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Curry v. Berryhill

United States District Court, W.D. North Carolina, Asheville Division

March 25, 2019

SYDNEY O. CURRY Plaintiff,
v.
NANCY A. BERRYHILL, Acting Commissioner of Social Security, Defendant.

          ORDER

          Robert J. Conrad, Jr. United States District Judge

         THIS MATTER comes before the Court on the parties' cross Motions for Summary Judgment, (Doc. Nos. 9, 13), and the parties' briefs and exhibits in support. The motions are ripe for adjudication.

         I. BACKGROUND

         A. Procedural Background

         Sydney O. Curry (“Plaintiff”) seeks judicial review of Nancy A. Berryhill's (“Defendant” or “Commissioner”) denial of his social security claim. Plaintiff filed applications for disability insurance benefits under Title II of the Social Security Act (“SSA”) and supplemental security income under Title XVI of the SSA on June 10, 2014, alleging a disability onset date of January 25, 2013. (Doc. Nos. 8 to 8-1: Administrative Record (“Tr.”) at 24). His applications were denied first on August 14, 2014, (Tr. 120), and upon reconsideration on February 24, 2015, (Tr. 128, 130). Plaintiff filed a timely request for a hearing on March 9, 2015, (Tr. 132), and an administrative hearing was held by an administrative law judge (“ALJ”) on September 29, 2016. (Tr. 48).

         Following this hearing, the ALJ found that Plaintiff was not disabled under the SSA. (Tr. 21-35). Plaintiff requested a review of the ALJ's decision, but the Appeals Council denied Plaintiff's request for a review. (Tr. 1). After having exhausted his administrative remedies, Plaintiff now seeks judicial review of Defendant's denial of his social security claim in this Court.

         B. Factual Background

         The question before the ALJ was whether Plaintiff was disabled under Sections 216(i), 223(d), and 1614(a)(3)(A) of the SSA. (Tr. 23). To establish entitlement to benefits, Plaintiff has the burden of proving that he was disabled within the meaning of the SSA.[1] Bowen v. Yuckert, 482 U.S. 137, 146 n.5 (1987). Plaintiff alleges that his disability began on January 25, 2013, due to his mental impairments of generalized anxiety disorder and panic disorder with agoraphobia. (Tr. 337-385, 398-427, 457, 466-693).

         After reviewing Plaintiff's record and conducting a hearing, the ALJ found that Plaintiff did not suffer from a disability as defined in the SSA. (Tr. 35). In reaching his conclusion, the ALJ used the five-step sequential evaluation process established by the Social Security Administration for determining if a person is disabled. The Fourth Circuit has described the five-steps as follows:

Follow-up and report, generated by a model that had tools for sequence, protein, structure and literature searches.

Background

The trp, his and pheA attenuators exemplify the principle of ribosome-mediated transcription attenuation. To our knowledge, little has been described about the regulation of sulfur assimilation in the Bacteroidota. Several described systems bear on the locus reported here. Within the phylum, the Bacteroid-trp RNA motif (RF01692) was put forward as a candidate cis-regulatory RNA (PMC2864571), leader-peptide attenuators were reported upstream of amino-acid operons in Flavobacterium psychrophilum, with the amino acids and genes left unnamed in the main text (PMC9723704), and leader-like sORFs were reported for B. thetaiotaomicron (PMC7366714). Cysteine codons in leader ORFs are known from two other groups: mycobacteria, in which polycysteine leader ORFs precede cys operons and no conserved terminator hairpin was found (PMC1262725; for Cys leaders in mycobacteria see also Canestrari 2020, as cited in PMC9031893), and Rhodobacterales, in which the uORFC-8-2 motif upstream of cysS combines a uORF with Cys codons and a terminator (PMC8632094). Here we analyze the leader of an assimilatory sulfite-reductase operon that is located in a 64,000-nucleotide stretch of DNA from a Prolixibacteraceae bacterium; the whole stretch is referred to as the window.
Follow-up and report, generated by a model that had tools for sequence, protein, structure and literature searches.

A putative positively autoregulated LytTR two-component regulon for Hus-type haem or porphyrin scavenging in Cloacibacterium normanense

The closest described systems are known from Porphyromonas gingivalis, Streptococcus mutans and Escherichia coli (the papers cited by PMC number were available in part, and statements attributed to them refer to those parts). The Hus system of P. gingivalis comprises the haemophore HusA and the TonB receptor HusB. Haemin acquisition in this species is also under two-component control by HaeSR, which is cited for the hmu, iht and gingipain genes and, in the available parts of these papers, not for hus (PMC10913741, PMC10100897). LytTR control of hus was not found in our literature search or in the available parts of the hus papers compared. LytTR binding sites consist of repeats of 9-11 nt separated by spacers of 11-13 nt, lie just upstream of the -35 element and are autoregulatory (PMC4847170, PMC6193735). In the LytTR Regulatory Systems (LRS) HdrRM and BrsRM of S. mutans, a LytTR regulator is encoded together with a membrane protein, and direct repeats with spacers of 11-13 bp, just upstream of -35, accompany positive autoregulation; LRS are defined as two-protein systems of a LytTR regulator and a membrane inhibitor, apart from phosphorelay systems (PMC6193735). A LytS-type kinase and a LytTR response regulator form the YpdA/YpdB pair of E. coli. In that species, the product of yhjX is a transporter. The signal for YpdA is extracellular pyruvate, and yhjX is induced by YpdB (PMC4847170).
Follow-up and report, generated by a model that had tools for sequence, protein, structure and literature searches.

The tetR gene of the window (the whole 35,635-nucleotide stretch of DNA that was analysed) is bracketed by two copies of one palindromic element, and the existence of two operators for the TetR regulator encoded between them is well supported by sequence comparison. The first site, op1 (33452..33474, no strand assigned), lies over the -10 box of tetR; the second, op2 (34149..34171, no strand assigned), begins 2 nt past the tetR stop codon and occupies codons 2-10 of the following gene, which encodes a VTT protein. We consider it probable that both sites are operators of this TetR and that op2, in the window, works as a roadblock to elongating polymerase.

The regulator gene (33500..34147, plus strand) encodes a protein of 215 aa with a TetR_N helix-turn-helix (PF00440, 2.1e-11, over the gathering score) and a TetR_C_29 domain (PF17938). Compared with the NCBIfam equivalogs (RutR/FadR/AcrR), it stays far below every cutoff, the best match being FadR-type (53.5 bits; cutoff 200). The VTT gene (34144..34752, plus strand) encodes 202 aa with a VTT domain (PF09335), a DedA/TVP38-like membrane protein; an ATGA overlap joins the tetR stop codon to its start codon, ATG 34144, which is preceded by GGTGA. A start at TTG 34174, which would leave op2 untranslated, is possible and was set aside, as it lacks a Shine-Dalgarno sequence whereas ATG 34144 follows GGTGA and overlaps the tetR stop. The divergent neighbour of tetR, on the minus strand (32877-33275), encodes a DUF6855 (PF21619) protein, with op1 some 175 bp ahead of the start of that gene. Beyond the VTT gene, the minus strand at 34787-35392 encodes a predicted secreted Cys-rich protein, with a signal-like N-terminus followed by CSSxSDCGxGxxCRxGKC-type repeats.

[The ALJ] asks whether the claimant: (1) worked during the purported period of disability; (2) has an impairment that is appropriately severe and meets the duration requirement; (3) has an impairment that meets or equals the requirements of a listed impairment and meets the duration requirement; (4) can return to [his] past relevant work; and (5) if not, can perform any other work in the national economy.

Radford v. Colvin, 734 F.3d 288, 290-91 (4th Cir. 2013) (paraphrasing 20 C.F.R. §§ 404.1520(a)(4), 416.920(a)(4)). The claimant has the burden of production and proof in the first four steps. Pearson v. Colvin, 810 F.3d 204, 207 (4th Cir. 2015). However, at the fifth step, the Commissioner must prove that the claimant is able to perform other work in the national economy despite his limitations. See id.; see also 20 C.F.R. § 416.960(c)(2) (explaining that the Commissioner has the burden to prove at the fifth step “that other work exists in significant numbers in the national economy that [the claimant] can do”). In this case, the ALJ determined at the fifth step that Plaintiff was not disabled. (Tr. 33-35).

         In reaching his decision, the ALJ first concluded at steps one through three that Plaintiff was not employed, that he suffered from severe mental impairments, and that his impairments did not meet or equal any of the impairments listed in the Administration's regulations. (Tr. 26-27). Therefore, the ALJ examined the evidence of Plaintiff's impairments and made a finding as to Plaintiff's Residual Functional Capacity (“RFC”):

[T]he claimant has the [RFC] to perform a full range of work at all exertional levels but with the following nonexertional limitations: the claimant can perform simple, routine jobs and job tasks that would not require more than occasional contact with the general public.

(Tr. 29). Having established Plaintiff's RFC, the ALJ concluded that Plaintiff could not perform the work in which he had previously been employed. (Tr. 33). Therefore, the ALJ proceeded to the fifth and final step of the process: determining whether, given the limitations embodied in his RFC, Plaintiff could perform any work that existed in significant numbers in the national economy. (Tr. 33-34). To make that determination, the ALJ relied on the testimony of a Vocational Expert (“VE”). The VE testified that Plaintiff would be able to perform at least three representative occupations that exist in significant numbers in the national economy. (Tr. 34, 61- 62). The ALJ accepted the VE's testimony and ...


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